Tips For Landscaping Around Decks, Patios and Porches

Posted on October 8, 2017 By

Once the elements warms and decks, patios and porches are back in use, concerns begin coming in requesting assistance within landscaping these areas. So, I believed it would be a good idea to offer these recommendations to all of our readers. The 1st task is to sit on your outdoor, porch or deck and in fact look out (away from the exterior walls). What do you see? Do you observe an open never ending lawn or, probably it’s a small enclosed area? What could you see as a focal point within your view? How do you feel about your own deck? Is it quiet and cozy or more of an open area where you would prefer more privacy? The answers to these questions will determine how you landscape around your outside living area.

Let’s discuss patios and low level decks and porches first. Your point of view through sitting in your chair should provide you with looking into (not onto) the yard area. Basically, the lawn gets an extension of that outdoor space. Low degree sitting areas take more benefit of the opening. Colors and designs can be used effectively from the immediate locations on to the outlying regions. The look at will be complete from the tree surfaces all the way down to groundcover. So, make sure to add in lots of colorful perennials and shrubs into the outlying landscape.

Now, in landscaping around the perimeter of the low level deck (patio or even porch), you will want to select plants knowing that. If your outside living space is usually large and extends out significantly from the house, consider placing decorative trees or other decorative plant life. The following is a great listing of plant life for this purpose.

Japanese red maple

Sky skyrocket juniper

Blue point juniper

Emerald green arborvitae

Crape myrtle

Kousa dogwood

Kwanzan cherry

Sourwood

Red bud

Sweetbay magnolia

Clumping bamboo

Sweetgum silhouette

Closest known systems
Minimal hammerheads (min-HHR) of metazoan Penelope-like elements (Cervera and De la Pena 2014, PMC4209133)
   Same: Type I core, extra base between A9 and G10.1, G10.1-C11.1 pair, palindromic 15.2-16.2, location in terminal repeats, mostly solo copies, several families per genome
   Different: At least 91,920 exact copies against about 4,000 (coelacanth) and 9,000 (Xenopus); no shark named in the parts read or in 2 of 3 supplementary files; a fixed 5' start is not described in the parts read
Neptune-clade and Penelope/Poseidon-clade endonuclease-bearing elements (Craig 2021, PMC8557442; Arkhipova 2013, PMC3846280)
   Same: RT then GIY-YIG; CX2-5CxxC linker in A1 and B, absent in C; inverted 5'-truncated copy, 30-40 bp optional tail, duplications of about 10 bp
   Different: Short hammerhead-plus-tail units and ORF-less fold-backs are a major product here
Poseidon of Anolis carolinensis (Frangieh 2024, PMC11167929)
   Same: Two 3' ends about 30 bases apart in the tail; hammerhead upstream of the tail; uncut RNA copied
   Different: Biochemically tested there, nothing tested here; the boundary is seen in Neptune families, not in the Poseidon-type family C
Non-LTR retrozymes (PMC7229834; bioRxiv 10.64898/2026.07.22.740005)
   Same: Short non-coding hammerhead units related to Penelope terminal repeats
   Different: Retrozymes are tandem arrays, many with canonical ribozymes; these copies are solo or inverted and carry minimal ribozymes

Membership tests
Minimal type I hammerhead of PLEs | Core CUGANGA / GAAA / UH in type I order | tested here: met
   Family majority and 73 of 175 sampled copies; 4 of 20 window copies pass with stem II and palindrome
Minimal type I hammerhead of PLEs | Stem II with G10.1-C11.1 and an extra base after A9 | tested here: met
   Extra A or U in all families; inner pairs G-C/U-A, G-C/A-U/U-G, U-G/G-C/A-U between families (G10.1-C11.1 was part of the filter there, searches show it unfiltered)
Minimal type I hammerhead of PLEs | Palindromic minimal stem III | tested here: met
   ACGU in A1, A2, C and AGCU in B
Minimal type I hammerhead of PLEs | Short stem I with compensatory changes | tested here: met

Nishiki willow

Remember to allow for walking stones or other access to the particular outlying areas. In planting across the edges, select low growing plant life so as to not block the external view. Staying in the 3 ½ foot range and below need to work quite well, especially with higher plants in that range that are cut at the tops such as ornamental grasses.
The following lists plants which make excellent borders.

Barberry crimson pygmy

Crape myrtle Chickasaw

Crape myrtle Pocomoke

Coreopsis

Astilbe

Gaillardia

Heucheras

Lemon little princess spiraea

Hydrangeas (Cityline series)

Hostas

Chamaecyparis pisifera compacta

Nandina dwarf firepower

Nandina dwarf harbor

Saliva

Russian sage little spire

Weigela

Liriope

Grass, Acorus Ogon

Grass, Sporobolus h. Prairie Dropseed

Grass, pennisetum Karley Rose

Grass, Pennisetum Hameln

Grass, Phalaris the. Strawberries and Cream

Verbena-low growing

Lantana-low growing

Rosemary

Lavender

Sage

When planning your landscape around higher level decks and balconies, remember that you will end up looking down onto the plant life immediately around the perimeter and just seeing the top portions of the plant life in the outlying areas. High degree areas truly take on a different look at of the lawn than low degree areas and should be landscaped appropriately. High level decks are considered to become (roughly) 5 and 6 ft and higher off the ground. Plant regarding fragrance, long blooming periods, plenty of texture and slightly away from the particular deck so you are fully in a position to enjoy the plants. This list of plant life works nicely in such situations.

White birch

Dogwoods

Serviceberry

Magnolias

Tulip poplar

Lilacs

Crape myrtles-tall growing varieties

Heptacodium, Seven son

Oakleaf hydrangeas

Magnolia Jane

Red bud

Flowering cherry

Flowering peach

Flowering pear

Sourwood

Laurels

Rhododendrons

Holly

Armed with this info, you can now confidently plan the scenery around your multi leveled outside living spaces. (**

Deck Landscaping     , ,